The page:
That’s not all right

Not everything in this paragraph from Yahoo! TV’s “Primetime in No Time” is all wrong — just a few things. Like “especially between Kenya Moore went after…” What’s with that? And why does the writer forget to include the in “tumbled to (the) ground” and “stormed off (the) set”? But the bigger issue is the use of alright, which is considered nonstandard. Are you all right with that spelling?

alright tv

Here’s what the American Heritage Dictionary says:

Despite the frequent use of the form alright the single word spelling is still widely viewed as nonstandard. In our 2009 survey, more than two-thirds of the Usage Panel rejected alright in examples like Don’t worry. Everything will be alright, whereas over 90 percent accepted all right in the same examples. This resistance may seem peculiar, since similar fusions incorporating all, such as already and altogether, have never raised any objections. The difference may lie in the fact that already and altogether became single words back in the Middle Ages, whereas alright has only been around for a little more than a century and was called out by language critics as a misspelling. Readers may view the use of alright, especially in formal writing, as an error or a willful breaking of convention.

From freedom to slavery

In a show segment called “Real Housewife’s Embarrassing History Gaffe” on Yahoo! TV‘s “Primetime in No Time,” the writer makes an even worse history gaffe than the housewife’s:

freedom to slavery tv

What was he thinking!? Did he have “12 Years a Slave” on the brain? Did he really not know that the Underground Railroad (which he spells two ways — with and without caps) was path from slavery to freedom?

Has anybody EVER proofread this?

Has someone proofread this? I mean, someone with at least a passing familiarity with English grammar? I ask because it’s clear that the writer for Yahoo! TV‘s “Primetime in No Time” doesn’t know that the past participle of sing is sung:

Plural mistakes

What is it about the apostrophe that is so appealing to writers that they want to put it in every plural word they write? Case in point: An article from Yahoo! TV‘s “Primetime in No Time” where the writer misuses an apostrophe here:

and here:

and four times here:

The Santa Clause without Tim Allen

“The Santa Clause” was a popular holiday movie starring Tim Allen. This is not that Santa Clause: 

It’s just a homophonic gaffe from the writer of Yahoo! TV‘s “Primetime in No Time.” Hey, it could be worse. He could have called him Santa Claws.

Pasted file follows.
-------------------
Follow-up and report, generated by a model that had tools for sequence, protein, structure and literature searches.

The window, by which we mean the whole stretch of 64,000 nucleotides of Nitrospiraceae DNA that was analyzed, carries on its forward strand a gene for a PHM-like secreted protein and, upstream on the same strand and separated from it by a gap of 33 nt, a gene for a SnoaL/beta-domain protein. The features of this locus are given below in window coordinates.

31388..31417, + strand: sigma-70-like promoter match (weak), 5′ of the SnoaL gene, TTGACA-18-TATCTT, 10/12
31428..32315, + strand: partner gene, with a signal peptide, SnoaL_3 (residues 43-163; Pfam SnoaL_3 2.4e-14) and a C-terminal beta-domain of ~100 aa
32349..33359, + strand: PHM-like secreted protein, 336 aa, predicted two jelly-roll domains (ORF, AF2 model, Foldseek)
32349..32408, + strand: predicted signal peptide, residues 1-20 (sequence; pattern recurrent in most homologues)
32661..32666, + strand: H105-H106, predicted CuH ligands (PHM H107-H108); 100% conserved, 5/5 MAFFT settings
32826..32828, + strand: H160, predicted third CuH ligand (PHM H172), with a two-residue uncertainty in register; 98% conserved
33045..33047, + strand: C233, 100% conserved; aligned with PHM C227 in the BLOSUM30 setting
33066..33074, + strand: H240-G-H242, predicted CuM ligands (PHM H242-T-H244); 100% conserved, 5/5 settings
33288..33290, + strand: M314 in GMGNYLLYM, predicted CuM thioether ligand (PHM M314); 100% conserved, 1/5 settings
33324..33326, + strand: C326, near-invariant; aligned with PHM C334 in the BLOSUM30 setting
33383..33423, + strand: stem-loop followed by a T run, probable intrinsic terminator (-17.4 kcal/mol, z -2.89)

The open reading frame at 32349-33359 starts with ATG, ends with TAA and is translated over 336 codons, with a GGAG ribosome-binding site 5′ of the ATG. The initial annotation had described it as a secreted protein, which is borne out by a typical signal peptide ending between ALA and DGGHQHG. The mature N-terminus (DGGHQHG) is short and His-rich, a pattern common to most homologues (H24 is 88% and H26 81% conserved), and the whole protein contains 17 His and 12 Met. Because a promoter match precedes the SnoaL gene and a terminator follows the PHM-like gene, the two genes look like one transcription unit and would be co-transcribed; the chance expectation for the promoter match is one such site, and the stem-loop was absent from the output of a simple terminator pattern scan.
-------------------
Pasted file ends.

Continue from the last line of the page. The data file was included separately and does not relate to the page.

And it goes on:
Apostrophobia?

Is it fear of that little punctuation character that drives Yahoo! staffers to misuse the apostrophe? They use it to form the plural of words, like this from Yahoo! TV‘s “Primetime in No Time”:

They avoid using it in a contraction like it’s:

And fear it in possessives, even when it’s required in headlines like this one from Yahoo! News‘ “Trending Now”:

Apostrophobia? Or simply a case of carelessness and indifference?

Not even trying

Nothing says “I’m not even trying to get it right” than misspelling names. Instead of Googling Ricki Lake and Sally Jessy Raphael to ascertain the correct spelling of their names, the writer for Yahoo! TV‘s “Primetime in No Time” just wings it:

But he’s not the only Yahoo! staffer to demonstrate indifference to accuracy. Another Yahoo! writer doesn’t bother with checking the spelling of the Disney character Tinker Bell before committing it to Yahoo! Shine:

Really, people, it takes less than a minute to find the correct spelling on the Web. Try it. Your readers will thank you for it.

A crazy cornucopia

This is what happens if you don’t proofread everything you’ve written — including the headlines:

We have Yahoo! TV‘s “Primetime in No Time” to thank for this brief lesson.

Apostrophes: Not for plurals

Some writers are just apostrophe-happy, sticking them in all sorts of places where they don’t belong. The writer for Yahoo! TV‘s “Primetime in No Time” is one of those people. He likes to use them for forming plurals. There are few times when an apostrophe is needed to form the plural of an abbreviation, and this isn’t one of them:

The plural of DVD is DVDs. (Oops, I almost forgot to mention the misplaced comma; if you’re in the U.S., it belongs before that closing quotation mark.)

This sentence isn’t so bad, but I would’ve liked it a lot more if the writer had included all the words in this sentence:

It’d  also be nice if he knew how to form the plural of favorites (hint: it doesn’t involve an apostrophe). At least there’s an apostrophe in ’60s and ’90s, though it’s  in the wrong place: For decades it’s not used to show a plural, but to indicate that the numerals 19 are missing. Finally, where the heck was the spell-checker? Did it just step out for a latte? Anyone who writes should have a spell-checker. And should use it. It would have found the misspelling of Lincoln.

Michelle Pfeiffer? Nope

Is that Michelle Pfeiffer on Yahoo! TV‘s “Primetime in No Time”? No, but it should be:

%d bloggers like this: